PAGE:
COVID, sustainability drive codes and standards in college building design
Colleges and universities have been sustainability trendsetters over the past several years. COVID-19 has required designers to think differently
- Kim Cowman, PE, LEED AP, National Director of Engineering, LEO A DALY, Omaha, Nebraska
- Daniel S. Noto, PE, LEED AP, Owner, Noto Consulting Group LLC, Roswell, Georgia
- Coral Pais, PE, BEMP, LEED AP BD+C, WELL AP, Mechanical Engineer, DLR Group, Cleveland, Ohio
- John M. Rattenbury, PE, LEED AP, Vice President, Cannon Design, Boston
- Luke Richards, PE, Project Engineer, RMF Engineering Inc., Raleigh, North Carolina
- Simon Ubhi, PE, LEED AP BD+C, Principal, Henderson Engineers, Los Angeles
- Toby White, PE, LEED AP, Associate – Boston Fire and life Safety Practice Leader, Arup, Boston
Please explain some of the codes, standards and guidelines you commonly use during the project’s design process. Which codes/standards should engineers be most aware of?
Daniel S. Noto: ASHRAE 90.1 and ASHRAE 62.1 are the standards that are used to guide HVAC design for energy-efficient design as well as optimal IAQ. Most larger universities and colleges also have “design standards“ that should be reviewed by the engineer before beginning design.
Simon Ubhi: International Building Code and related codes (mechanical, fire, etc.) along with applicable NFPA standards are the most commonly used. In addition, ANSI/AIHA Z9.5 is the primary laboratory ventilation standard.
Toby White: Each state adopts its own version of the building code, most often based on the ICC suite of codes and occasionally NFPA 101 Life Safety Code, depending on the state. It’s imperative to understand all of the adopted codes, standards and local and state amendments to set the project in the right direction from the start.
Nearly every building project adopts the common NFPA 13, 14, 20, 70 and 72 standards related to the design and installation of fire protection and electrical systems. When a science or engineering building includes laboratories, it’s common that we are dealing with the storage and use of hazardous materials and perhaps the labs will include processes that use compressed gases and cryogenics. It’s important to be aware of the requirements of NFPA 30: Flammable and Combustible Liquid Storage, NFPA 55: Compressed Gasses and Cryogenic Fluids and NFPA 45: Standard on Fire Protection for Laboratories Using Chemicals and develop a clear and comprehensive fire and life safety strategy for the project encompassing all the relevant requirements.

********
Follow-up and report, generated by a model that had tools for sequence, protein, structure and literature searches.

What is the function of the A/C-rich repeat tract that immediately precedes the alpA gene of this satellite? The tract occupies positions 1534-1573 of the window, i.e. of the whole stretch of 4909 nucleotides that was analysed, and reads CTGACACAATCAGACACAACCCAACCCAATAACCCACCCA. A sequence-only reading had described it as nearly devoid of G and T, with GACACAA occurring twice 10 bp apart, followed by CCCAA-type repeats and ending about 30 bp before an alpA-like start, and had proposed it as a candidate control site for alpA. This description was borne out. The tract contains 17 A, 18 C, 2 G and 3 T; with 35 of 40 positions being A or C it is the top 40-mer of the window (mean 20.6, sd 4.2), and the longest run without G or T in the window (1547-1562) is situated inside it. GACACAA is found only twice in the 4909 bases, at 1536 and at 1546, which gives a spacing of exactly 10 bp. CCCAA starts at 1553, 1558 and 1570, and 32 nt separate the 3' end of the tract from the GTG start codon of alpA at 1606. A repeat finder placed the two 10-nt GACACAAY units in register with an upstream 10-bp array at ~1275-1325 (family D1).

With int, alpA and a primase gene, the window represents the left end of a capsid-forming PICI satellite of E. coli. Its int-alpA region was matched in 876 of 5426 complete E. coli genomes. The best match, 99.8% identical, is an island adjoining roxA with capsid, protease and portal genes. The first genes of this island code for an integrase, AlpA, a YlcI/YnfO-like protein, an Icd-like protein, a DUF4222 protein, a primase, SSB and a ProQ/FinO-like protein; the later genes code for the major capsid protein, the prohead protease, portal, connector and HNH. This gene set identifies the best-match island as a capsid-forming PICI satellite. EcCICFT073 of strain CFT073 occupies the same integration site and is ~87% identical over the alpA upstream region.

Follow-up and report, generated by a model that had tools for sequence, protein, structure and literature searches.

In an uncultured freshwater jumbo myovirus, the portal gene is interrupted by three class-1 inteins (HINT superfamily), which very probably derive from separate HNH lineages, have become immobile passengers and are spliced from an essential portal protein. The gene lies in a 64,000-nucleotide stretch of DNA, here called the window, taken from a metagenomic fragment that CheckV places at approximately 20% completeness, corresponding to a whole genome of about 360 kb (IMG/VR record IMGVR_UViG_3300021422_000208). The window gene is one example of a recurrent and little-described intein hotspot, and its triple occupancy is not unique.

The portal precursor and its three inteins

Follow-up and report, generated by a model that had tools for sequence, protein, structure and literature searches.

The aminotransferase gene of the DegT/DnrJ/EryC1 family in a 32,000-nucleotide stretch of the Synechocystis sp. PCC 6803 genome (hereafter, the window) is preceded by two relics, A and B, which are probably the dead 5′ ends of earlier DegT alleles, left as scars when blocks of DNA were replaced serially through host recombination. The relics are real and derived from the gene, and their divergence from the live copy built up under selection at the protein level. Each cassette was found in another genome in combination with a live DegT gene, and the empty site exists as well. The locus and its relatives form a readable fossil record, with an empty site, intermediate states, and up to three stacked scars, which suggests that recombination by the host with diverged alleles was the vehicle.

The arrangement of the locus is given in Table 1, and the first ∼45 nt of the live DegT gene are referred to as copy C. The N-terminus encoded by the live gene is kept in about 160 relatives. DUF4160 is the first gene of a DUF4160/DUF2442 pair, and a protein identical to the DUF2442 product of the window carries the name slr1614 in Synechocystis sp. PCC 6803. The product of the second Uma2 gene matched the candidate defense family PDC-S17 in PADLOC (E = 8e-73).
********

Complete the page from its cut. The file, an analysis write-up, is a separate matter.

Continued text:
What are some best practices to ensure that such buildings meet and exceed codes and standards?
Simon Ubhi: Early discussion, during concept design and early schematic design phase, of code compliance options and areas where the owner desires features that exceed minimum code requirements.
Toby White: Meeting codes are compulsory, but the codes only provide the minimum allowable level of safety. Exceeding the prescriptive requirements of the code is sometimes necessary to address certain hazards or risks that are unique to a project. Because there are so many codes and standards in play, as well as many design disciplines involved in any design project, best practice is having a comprehensive fire and life safety strategy developed for each project. This sets a basis of design as it pertains to code compliance and detailed guidance addressing the more complex components of a project and can improve clarity of approach across the different design disciplines. This helps reduce errors. It also provides a useful means of conveying the compliance approach to the authorities having jurisdiction to help facilitate their review and approval.
How are codes, standards or guidelines for energy efficiency impacting the design of such projects?
Coral Pais: In some cases, university guidelines are more stringent than energy efficiency codes, but energy codes still are the most influential driving factor in designing energy efficient buildings. Codes and enforced guidelines create an accountability framework for the designers, a minimum target that the building has to meet.
Kim Cowman: The International Energy Conservation Code and ASHRAE 90.1: Energy Standard for Buildings Except Low-Rise Residential Buildings are the most common energy codes adopted across the country which impact building designs. However, the edition adopted by each state or municipality can vary and in some instances a state has its own energy code such as California’s Title 24. Verification of the governing code for each building location is necessary by the design professional before beginning design efforts. Each new edition of the energy code improves the baseline energy performance required for commercial and educational buildings.
Striving to exceed the code-required minimum performance is something any owner or engineer can target. Conversations with the owner and design team early in the design process are critical to meeting compliance with more stringent energy requirements or exceeding the code base line requirements. We have found that using energy modeling early in the design phase and continuing throughout the evolution of the design is one of the best methods to ensure the building meets or exceeds minimum code requirements. Early phase energy modeling also assists in identifying low to no-cost design options that improve the overall energy performance, such as massing orientation, window-to-wall ratio. These can result in energy improvements over the code requirements.